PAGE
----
Our choice of songs this morning particularly reminds us that Jesus took on our lives, and went through all that we went through. He didn’t live a life cushioned from the pain and difficulties we face, he wasn’t wealthy or comfortable or in a position of privilege due to his faith and his relationship with God the Father – nor should we expect to be.

On the contrary, he suffered, both in life and in the manner of his death, because of his faithfulness to the Gospel, to the message of God. It is through his life and death that we can enter the gate of glory – as it says in the prayer we use after Holy Communion:
Father of all,
we give you thanks and praise,
that when we were still far off
you met us in your Son and brought us home.
Dying and living, he declared your love,
gave us grace, and opened the gate of glory.

Our Gospel reading for today talks of a time when Jesus felt the full weight of his humanity. At the start of our own Lenten observance we call to mind the struggle that he underwent in the story of his fasting and temptations in the wilderness.

There is one crucial statement that it is easy to miss if we concentrate just on the temptation story in this passage.

If we look at the start of the reading for today we read in verse 4 of chapter 4 of the Gospel of St Luke
“Jesus, full of the Holy Spirit, returned from the Jordan and was led by the Spirit in the wilderness…”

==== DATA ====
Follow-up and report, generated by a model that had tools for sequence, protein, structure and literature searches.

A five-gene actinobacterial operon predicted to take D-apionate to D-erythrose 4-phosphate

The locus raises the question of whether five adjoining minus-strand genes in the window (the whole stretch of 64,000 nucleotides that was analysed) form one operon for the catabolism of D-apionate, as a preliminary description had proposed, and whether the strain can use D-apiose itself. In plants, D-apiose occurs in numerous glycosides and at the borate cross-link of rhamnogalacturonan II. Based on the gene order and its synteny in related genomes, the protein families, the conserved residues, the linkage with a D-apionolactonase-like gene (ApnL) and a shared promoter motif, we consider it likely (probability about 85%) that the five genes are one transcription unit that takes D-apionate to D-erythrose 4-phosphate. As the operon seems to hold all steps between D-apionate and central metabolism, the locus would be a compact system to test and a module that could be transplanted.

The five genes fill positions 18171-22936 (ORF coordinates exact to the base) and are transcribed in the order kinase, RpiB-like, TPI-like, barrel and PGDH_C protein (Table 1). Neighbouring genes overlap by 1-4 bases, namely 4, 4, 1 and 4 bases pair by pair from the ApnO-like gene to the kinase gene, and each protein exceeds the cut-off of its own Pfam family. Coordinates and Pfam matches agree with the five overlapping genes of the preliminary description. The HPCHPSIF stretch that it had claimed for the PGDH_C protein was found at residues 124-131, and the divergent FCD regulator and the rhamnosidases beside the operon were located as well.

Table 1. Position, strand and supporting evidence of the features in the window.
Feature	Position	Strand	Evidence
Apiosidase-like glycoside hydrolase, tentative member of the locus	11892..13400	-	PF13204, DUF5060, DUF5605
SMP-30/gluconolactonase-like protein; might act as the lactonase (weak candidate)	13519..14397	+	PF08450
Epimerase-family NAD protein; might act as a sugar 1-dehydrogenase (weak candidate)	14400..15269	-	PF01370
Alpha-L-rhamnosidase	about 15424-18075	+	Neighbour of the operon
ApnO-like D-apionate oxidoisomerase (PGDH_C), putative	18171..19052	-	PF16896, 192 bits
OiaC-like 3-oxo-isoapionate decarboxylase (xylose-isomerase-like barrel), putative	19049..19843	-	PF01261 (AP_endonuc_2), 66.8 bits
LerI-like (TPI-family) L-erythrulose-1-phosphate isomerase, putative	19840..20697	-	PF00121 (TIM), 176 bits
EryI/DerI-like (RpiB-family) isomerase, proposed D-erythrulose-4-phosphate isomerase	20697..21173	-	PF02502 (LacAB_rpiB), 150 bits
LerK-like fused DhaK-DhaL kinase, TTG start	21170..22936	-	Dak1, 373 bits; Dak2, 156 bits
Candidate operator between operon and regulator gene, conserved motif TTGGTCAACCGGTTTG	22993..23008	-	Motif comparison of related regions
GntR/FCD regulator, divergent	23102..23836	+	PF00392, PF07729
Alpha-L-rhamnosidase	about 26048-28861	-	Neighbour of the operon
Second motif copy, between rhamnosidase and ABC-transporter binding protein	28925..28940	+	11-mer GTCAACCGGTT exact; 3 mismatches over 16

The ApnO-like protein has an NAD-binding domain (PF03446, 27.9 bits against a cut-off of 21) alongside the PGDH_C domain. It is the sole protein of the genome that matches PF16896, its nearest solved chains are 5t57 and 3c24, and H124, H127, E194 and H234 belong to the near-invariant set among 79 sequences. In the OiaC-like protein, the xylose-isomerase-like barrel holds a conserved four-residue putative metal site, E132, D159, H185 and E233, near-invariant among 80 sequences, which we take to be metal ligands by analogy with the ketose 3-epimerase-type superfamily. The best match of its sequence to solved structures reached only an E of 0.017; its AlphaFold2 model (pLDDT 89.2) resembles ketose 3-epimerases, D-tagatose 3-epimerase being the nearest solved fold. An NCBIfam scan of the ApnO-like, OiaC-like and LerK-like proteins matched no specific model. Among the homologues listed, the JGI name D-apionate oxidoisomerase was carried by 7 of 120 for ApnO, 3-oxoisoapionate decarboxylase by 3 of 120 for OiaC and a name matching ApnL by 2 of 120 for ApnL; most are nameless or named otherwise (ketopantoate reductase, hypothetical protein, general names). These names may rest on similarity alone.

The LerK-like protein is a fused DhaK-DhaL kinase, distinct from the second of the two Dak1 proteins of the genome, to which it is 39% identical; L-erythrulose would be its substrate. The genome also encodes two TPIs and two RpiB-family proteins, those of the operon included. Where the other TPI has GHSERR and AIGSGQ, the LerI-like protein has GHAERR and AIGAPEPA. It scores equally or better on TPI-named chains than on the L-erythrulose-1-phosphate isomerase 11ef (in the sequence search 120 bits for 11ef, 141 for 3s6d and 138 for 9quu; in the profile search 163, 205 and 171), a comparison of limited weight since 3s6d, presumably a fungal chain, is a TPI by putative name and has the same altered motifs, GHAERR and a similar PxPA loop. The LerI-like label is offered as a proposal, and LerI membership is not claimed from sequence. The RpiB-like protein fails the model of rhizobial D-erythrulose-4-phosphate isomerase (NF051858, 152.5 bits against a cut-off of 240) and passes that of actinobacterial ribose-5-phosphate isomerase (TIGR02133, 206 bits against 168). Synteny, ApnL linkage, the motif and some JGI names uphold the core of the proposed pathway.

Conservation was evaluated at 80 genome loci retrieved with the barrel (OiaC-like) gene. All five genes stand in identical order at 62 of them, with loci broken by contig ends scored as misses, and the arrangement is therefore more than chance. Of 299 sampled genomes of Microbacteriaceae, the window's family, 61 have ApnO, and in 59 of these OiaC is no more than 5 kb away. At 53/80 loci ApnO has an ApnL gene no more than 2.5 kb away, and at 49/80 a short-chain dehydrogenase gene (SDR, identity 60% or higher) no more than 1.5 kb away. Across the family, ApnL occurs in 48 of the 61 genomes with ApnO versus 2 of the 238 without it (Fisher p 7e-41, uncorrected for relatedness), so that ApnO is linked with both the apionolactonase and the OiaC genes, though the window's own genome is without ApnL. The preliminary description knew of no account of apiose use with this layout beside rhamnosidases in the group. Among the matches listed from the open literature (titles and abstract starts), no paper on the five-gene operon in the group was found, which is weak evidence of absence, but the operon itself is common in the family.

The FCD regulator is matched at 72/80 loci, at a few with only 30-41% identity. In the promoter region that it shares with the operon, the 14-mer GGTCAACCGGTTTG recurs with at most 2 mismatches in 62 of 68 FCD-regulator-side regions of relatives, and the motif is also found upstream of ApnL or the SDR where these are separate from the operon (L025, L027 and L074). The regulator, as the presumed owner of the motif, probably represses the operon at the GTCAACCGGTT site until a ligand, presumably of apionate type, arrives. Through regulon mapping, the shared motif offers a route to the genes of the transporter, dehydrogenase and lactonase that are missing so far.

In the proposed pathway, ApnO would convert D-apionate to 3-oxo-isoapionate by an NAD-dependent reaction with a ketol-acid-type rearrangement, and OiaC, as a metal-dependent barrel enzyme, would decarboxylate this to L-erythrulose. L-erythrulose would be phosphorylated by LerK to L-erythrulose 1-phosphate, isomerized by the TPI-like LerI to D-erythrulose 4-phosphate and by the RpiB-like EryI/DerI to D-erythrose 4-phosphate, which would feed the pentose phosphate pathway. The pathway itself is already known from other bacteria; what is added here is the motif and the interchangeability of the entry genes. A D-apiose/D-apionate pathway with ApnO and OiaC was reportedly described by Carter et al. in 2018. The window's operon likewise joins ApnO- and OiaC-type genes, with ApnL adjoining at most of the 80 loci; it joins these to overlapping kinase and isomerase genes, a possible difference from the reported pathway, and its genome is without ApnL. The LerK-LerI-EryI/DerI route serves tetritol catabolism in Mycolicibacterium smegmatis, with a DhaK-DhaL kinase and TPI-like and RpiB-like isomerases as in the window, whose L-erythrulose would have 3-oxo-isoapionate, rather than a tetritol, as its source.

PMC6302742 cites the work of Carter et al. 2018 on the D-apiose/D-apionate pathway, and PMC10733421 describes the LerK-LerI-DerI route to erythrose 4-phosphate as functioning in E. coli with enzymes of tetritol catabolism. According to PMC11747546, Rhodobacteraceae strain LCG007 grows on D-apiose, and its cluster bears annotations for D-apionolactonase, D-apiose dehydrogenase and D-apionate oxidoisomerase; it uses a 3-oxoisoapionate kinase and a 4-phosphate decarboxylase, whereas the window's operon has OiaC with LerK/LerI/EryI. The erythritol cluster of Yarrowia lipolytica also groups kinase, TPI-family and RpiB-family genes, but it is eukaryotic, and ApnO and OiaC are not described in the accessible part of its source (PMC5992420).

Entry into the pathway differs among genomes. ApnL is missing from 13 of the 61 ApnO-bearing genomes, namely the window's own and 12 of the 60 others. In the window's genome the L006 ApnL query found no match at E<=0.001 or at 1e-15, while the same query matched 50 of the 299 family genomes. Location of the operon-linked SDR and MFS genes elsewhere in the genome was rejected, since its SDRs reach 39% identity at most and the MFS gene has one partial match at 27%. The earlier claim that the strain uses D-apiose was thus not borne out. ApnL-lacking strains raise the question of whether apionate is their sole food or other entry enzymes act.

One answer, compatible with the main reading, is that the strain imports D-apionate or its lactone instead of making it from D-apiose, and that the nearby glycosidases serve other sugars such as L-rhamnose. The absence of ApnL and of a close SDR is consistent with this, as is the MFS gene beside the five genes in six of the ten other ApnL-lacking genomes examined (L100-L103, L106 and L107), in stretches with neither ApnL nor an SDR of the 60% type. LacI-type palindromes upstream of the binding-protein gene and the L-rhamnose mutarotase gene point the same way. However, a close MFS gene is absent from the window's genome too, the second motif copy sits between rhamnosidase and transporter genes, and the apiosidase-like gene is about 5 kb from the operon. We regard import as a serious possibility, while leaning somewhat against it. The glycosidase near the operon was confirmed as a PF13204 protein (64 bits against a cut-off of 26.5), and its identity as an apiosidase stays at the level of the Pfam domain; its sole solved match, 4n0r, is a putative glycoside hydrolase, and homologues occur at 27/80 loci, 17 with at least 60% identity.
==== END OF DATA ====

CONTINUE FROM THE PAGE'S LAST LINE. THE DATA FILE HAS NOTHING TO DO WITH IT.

It wasn’t a random co-incidence that Jesus went into the desert, nor was he lost and wandering around. He was responding to God’s call and, we are told, was full of the Spirit.

It was the Spirit that took Jesus to this time of trial, to the deprivation of fasting and loneliness, to the struggle with who he was and who he was called to be. We are told that he wrestled with the temptation to take shortcuts in the ministry he was called to, and to rely on his own power and to misuse the promises of scripture. In all of this there was the possibility of circumventing the suffering which his ministry would entail. But he did not make that choice.

In a few weeks we will hear that Jesus wrestled again with the temptation to go around God’s will as he prayed in the garden of Gethsemane that the cup of suffering would be taken from him yet offered himself to God saying ‘not my will, but yours be done’.

Taking the way of faith is not the easy route, and what Jesus did in opening himself completely to God’s will achieved our salvation.